Experiments with CERN’s on-line isotope separator (ISOLDE) have led to a novel way to probe the interface between magnetic and non-magnetic ultra-thin layers.
ISOLDE is a source of radioactive-particle beams with applications ranging from nuclear medicine to astrophysics. Recent ISOLDE experiments have opened up a new approach to examining the interface between ultra-thin magnetic and non-magnetic layers. The ultra-high vacuum ASPIC (Apparatus for Surface Physics and Interfaces at CERN) chamber takes keV ions from the 1 GeV proton beam bombardment of an ISOLDE ion source target, evaporates them at eV energies onto carefully cleaned surfaces, and studies interactions at the micro-eV scale. Each experiment covers 15 orders of magnitude in energy to study interactions at an atomic scale. Early results have produced some surprises.
The technique used at ISOLDE is called Perturbed Angular Correlation (PAC) spectroscopy. It relies on probe nuclei with two properties: they must have electric and magnetic moments, and they must decay by emitting two gamma rays nanoseconds apart. This combination of characteristics allows PAC nuclei to spy on neighbouring atoms after being “parachuted” onto surfaces, like secret agents. The interaction of the PAC nucleus’s electric moment with the electric field gradients on and around the surface allows its precise position to be determined. The coupling between the magnetic moment of the PAC nucleus and the magnetic field it feels either applied or due to surrounding nuclei perturbs the correlation between the two gamma rays, allowing information to be gleaned at the atomic scale. This coupling, known as the magnetic hyperfine interaction, gives rise to magnetic hyperfine fields which are often very large.
For example, the magnetic hyperfine field of selenium atoms in bulk nickel is 15 Tesla. The first ISOLDE experiment conducted with the ASPIC chamber was designed to investigate whether this was also true for the selenium atoms deposited as relatively loosely bound atoms, called adatoms, on a surface of ferromagnetic nickel. The result came as a surprise, showing that the field is in fact much lower for selenium as an adatom at around 1 Tesla. This result prompted a theoretical study which revealed a completely different magnetic behaviour for impurities as adatoms compared to impurities in bulk, in agreement with the experiment.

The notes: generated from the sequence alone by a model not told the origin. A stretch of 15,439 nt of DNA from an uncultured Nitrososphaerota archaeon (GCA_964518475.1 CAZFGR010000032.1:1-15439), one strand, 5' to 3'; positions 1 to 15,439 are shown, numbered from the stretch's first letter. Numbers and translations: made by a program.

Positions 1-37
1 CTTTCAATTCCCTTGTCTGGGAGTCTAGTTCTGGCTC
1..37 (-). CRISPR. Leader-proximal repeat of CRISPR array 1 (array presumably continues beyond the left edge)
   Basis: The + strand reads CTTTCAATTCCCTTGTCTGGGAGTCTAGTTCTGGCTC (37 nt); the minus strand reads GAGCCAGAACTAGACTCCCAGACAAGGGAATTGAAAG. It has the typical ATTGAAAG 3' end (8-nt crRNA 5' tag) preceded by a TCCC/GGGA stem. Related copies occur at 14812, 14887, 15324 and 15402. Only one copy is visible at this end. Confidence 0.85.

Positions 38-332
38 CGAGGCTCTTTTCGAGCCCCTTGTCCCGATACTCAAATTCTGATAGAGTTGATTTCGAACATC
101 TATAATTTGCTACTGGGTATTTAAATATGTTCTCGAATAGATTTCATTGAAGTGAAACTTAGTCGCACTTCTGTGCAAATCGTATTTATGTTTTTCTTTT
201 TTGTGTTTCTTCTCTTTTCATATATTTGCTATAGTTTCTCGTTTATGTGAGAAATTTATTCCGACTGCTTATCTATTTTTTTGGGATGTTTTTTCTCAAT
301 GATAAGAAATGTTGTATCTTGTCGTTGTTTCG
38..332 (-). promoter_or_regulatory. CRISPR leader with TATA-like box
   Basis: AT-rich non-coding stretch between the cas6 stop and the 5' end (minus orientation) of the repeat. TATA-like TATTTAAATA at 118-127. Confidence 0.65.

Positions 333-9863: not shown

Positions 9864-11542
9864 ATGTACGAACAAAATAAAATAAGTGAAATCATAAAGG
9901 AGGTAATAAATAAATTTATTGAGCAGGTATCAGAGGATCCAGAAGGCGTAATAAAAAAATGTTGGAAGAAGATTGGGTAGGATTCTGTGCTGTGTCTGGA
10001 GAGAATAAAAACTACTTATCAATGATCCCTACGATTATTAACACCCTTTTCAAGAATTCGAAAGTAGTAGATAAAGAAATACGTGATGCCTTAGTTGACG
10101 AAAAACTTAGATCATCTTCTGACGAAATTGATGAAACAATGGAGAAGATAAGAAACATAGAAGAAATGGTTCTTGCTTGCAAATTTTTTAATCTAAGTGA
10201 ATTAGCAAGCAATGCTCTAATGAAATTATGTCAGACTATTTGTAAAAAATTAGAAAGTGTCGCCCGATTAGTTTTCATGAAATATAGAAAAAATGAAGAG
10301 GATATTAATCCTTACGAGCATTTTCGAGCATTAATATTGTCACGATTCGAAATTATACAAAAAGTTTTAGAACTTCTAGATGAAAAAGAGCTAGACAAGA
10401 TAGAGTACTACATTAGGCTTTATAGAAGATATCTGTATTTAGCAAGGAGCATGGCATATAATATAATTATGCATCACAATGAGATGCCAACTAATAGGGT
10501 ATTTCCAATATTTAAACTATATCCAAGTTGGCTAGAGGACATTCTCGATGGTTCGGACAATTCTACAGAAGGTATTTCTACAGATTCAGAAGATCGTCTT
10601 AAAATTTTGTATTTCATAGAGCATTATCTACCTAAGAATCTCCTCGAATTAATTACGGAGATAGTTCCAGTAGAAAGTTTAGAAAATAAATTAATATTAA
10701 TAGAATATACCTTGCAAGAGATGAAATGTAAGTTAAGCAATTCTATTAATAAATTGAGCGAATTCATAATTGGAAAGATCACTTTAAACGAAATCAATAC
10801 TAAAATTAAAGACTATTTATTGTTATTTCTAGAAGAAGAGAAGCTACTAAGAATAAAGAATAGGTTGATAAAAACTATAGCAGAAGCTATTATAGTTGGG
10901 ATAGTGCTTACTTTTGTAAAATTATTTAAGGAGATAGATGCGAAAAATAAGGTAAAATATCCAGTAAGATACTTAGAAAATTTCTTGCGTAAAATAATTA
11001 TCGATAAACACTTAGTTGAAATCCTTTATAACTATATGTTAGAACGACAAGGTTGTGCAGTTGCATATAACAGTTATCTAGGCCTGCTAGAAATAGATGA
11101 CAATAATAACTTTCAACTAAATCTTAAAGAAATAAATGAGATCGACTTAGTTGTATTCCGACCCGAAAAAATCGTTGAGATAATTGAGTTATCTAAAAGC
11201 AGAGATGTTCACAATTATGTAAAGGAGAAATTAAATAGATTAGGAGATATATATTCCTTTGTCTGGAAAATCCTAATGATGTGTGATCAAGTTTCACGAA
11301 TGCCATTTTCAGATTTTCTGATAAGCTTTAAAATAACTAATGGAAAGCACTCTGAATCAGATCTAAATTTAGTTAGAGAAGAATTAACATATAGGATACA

Because hyperfine interactions are of very short range from atom to atom the PAC technique gives resolution to a single atomic layer. Moreover, because the gamma rays have long range, it allows deeply embedded atomic monolayers in a system to be investigated, something which has not before been possible. Furthermore, the technique is extremely sensitive. Only one “spy” atom is needed per thousand atoms on the surface or interface under investigation. Impurities at such a low concentration do not influence the intrinsic properties of magnetic thin layer systems, making PAC atoms the perfect spies.
ASPIC experiments capitalized on these properties by introducing PAC atoms into single atomic layers to investigate the interactions between layers. An isotope of cadmium was incorporated as an impurity into a single layer of palladium on a nickel single crystal. A sample of about 1 square centimetre was used, corresponding to 1015 atoms per layer with 1012 PAC spies incorporated. Results showed that the nickel induces ferromagnetism in the palladium. Further studies showed that this induced magnetism continued through to a second layer, though with much reduced strength. This observation led ISOLDE researchers to ask what would happen deep in palladium if the palladium was covered by ferromagnetic nickel. Seven atomic layers of palladium were deposited on a palladium crystal, after parachuting the PAC probe atoms on to the crystal surface. These were then covered with two atomic layers of nickel. The result was again surprising, showing that in this case paramagnetic palladium was converted into a superparamagnetic material.
Another curious finding is that isolated cadmium probes choose specific sites, called bridge sites, in a palladium monolayer on nickel. This raises the question of whether a larger number of cadmium atoms occupying all bridge sites would break up the structure of the palladium into cells of sub-nanometre scale. If they do, the consequences for the electronics industry could be profound; state-of-the-art today is nanometre-scale devices.
The application of PAC probe atoms to the study of local magnetic properties in ultra-thin layer systems is in its infancy. But these results from ASPIC clearly indicate the power of the technique to provide detailed information about surfaces and interfaces with single-atom precision.